Emiliano Fernández, a retired police officer specialized in bomb disposal, has two gifts. One is a prodigious memory that helps him to relive episodes of his life with unusual intensity, such as remembering exactly where his parents, relatives and schoolmates sat at the table at his eighth birthday party.
His other gift concerns religious art. After years of studying religious figures, he can walk around any church in the world, listing the age and quality of the pieces on display. Fernández can tell at a glance if something is made of plaster, alabaster or if it has simply been mass produced.
At the end of February, these two talents combined to help him immediately recognize a fragment of a Gothic tomb that was stolen from the cathedral of Alcalá de Henares back in July 1936, at the start of the Spanish Civil War. The story of the missing artwork featured in a television documentary called The Guardians of Heritage broadcast on the Spanish channel La 2. From the comfort of his own couch, Fernández was able to solve an 84-year-old mystery.
“I recognize that, dammit!” he told himself as he heard that one of the four miniature alabaster towers once embedded in the Gothic tomb of Archbishop Carrillo Acuña, and dating back to the 15th century, was still missing. Immediately, Fernández was transported back to 1975, when he was a 20-year-old doing his military service and frequently visiting a friend’s estate in Chinchón, in the Madrid region.
In one of the cowsheds on that estate there was an artwork made of alabaster embedded into the wall. Nobody in his friend’s family ever paid much attention to it, but Fernández felt drawn to it, surmising that it was a fragment of an altarpiece. At the very least he knew it to be from the Gothic period because of the inscription. Fernández recalls that he liked to feel the coldness of the stone, and did so on dozens of occasions as he realized that it was a unique and valuable piece of religious art.
Forty-five years later, as he watched the documentary, his memory of that artwork was still intact. After making some inquiries, he discovered that it remained embedded in the wall of the cowshed on the estate, which is now a rehabilitation center run by the Montemadrid Foundation for drug addicts, ex-convicts and the homeless. They milk cows, make bread and grow vegetables on the premises.
Having located the missing piece, he then called the central office of the Alcalá de Henares Diocese to alert them to its whereabouts. He didn’t expect any fanfare, but nor was he prepared for the indifference with which the information was received. He was asked to write an email, to explain who he was, and to follow other bureaucratic procedures that would test the patience of a saint. Frustrated, Fernández said: “Look, I’ll leave you my phone number. If you want to, you can call me. Thank you.”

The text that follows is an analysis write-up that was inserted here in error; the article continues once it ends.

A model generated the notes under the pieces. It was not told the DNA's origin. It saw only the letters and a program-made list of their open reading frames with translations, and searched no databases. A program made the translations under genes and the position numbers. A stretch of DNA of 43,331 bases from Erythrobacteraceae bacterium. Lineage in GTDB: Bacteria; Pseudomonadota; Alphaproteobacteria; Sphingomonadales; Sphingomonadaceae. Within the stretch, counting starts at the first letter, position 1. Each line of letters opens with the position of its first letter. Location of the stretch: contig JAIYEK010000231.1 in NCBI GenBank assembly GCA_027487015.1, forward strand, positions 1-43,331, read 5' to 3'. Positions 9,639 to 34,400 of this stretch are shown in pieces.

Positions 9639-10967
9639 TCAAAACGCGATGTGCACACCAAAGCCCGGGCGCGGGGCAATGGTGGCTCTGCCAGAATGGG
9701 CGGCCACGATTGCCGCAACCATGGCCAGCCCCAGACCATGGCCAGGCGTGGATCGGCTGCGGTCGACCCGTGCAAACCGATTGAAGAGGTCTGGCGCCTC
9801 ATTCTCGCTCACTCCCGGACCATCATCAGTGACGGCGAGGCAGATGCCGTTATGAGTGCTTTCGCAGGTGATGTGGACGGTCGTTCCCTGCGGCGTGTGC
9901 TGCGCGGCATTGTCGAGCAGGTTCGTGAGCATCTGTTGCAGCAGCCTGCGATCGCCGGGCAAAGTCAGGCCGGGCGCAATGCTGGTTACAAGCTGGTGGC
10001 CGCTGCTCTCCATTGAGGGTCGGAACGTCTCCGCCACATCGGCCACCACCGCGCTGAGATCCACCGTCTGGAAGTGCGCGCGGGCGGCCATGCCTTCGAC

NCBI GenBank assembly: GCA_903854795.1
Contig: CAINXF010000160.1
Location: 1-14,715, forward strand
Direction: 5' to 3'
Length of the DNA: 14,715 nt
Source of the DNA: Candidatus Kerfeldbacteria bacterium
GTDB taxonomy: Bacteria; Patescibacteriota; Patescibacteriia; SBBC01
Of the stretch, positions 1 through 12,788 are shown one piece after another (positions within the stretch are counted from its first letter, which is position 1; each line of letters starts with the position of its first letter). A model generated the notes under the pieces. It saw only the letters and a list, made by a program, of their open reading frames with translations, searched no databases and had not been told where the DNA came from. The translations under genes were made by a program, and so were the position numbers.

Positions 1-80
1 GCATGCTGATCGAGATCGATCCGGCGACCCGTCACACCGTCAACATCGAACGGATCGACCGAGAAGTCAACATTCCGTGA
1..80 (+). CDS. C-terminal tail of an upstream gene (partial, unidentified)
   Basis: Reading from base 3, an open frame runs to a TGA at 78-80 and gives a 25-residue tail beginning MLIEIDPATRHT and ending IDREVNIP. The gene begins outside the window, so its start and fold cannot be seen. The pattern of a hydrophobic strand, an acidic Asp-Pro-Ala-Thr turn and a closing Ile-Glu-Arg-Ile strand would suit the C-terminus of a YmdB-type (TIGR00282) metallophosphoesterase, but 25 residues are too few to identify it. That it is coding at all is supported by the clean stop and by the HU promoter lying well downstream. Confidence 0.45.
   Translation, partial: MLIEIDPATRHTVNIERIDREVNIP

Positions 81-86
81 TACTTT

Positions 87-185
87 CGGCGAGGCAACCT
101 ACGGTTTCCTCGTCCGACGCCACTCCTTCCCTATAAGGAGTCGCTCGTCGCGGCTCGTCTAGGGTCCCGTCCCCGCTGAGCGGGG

Just a few minutes later, he received a call from Juan Miguel Prim, the episcopal vicar in charge of cultural affairs at the Alcalá de Henares Diocese. This time, there was mutual understanding: both men were aware of the importance of Fernández’s discovery.
The documentary that Fernández had seen on television was about Operation Temperance, an investigation by Spain’s Civil Guard that culminated in the recovery of two other missing reliefs from the tomb of Archbishop Carrillo: those representing Temperance and Prudence. But one piece was still unaccounted for.
The artworks disappeared in July 1936, after a fire destroyed the cathedral, leaving it wide open to looting. Several reliefs decorating the sides of the tomb disappeared, and the whereabouts of the final missing piece remained a mystery until Fernández put two and two together, realizing that this was the piece embedded in the cowshed wall that he had been drawn to in his youth.
His friend’s family had bought the estate from Armando Muñoz Calero, a physician with Francoist sympathies who was also president of the Spanish Soccer Federation in the 1950s and vice-president of the Atlético de Madrid soccer team, although it is not known how he came to have the artwork in his possession.
Fernández remembers the estate as a wonderful place surrounded by the Tajuña River, with a manor house and a mill and various antiques, although Fernández’s friends and family were more enthralled with the natural beauty of the spot, which also had orchards and meadows.
The Civil Guard officer who led Operation Temperance, Lieutenant Águila, eventually contacted Fernández, who was able to provide him with current photographs of the estate uploaded online by Garaldea, the association that runs the rehabilitation program.
The artwork has since been removed from the estate and placed in storage until it can be restored and re-integrated into the tomb, returning it to its original state 84 years after it was dismantled.
“It has really been a fantastic example of citizen collaboration,” says Águila. “Fernández has made it very easy for us.”
Fernández could have acted differently, of course: he could have bought the piece himself for a pittance and sold it on, but he chose to do the right thing.
According to the retired officer of the law, nobody from the Catholic Church, the Culture Ministry or the Madrid regional government has been in touch to congratulate him.
English version by Heather Galloway.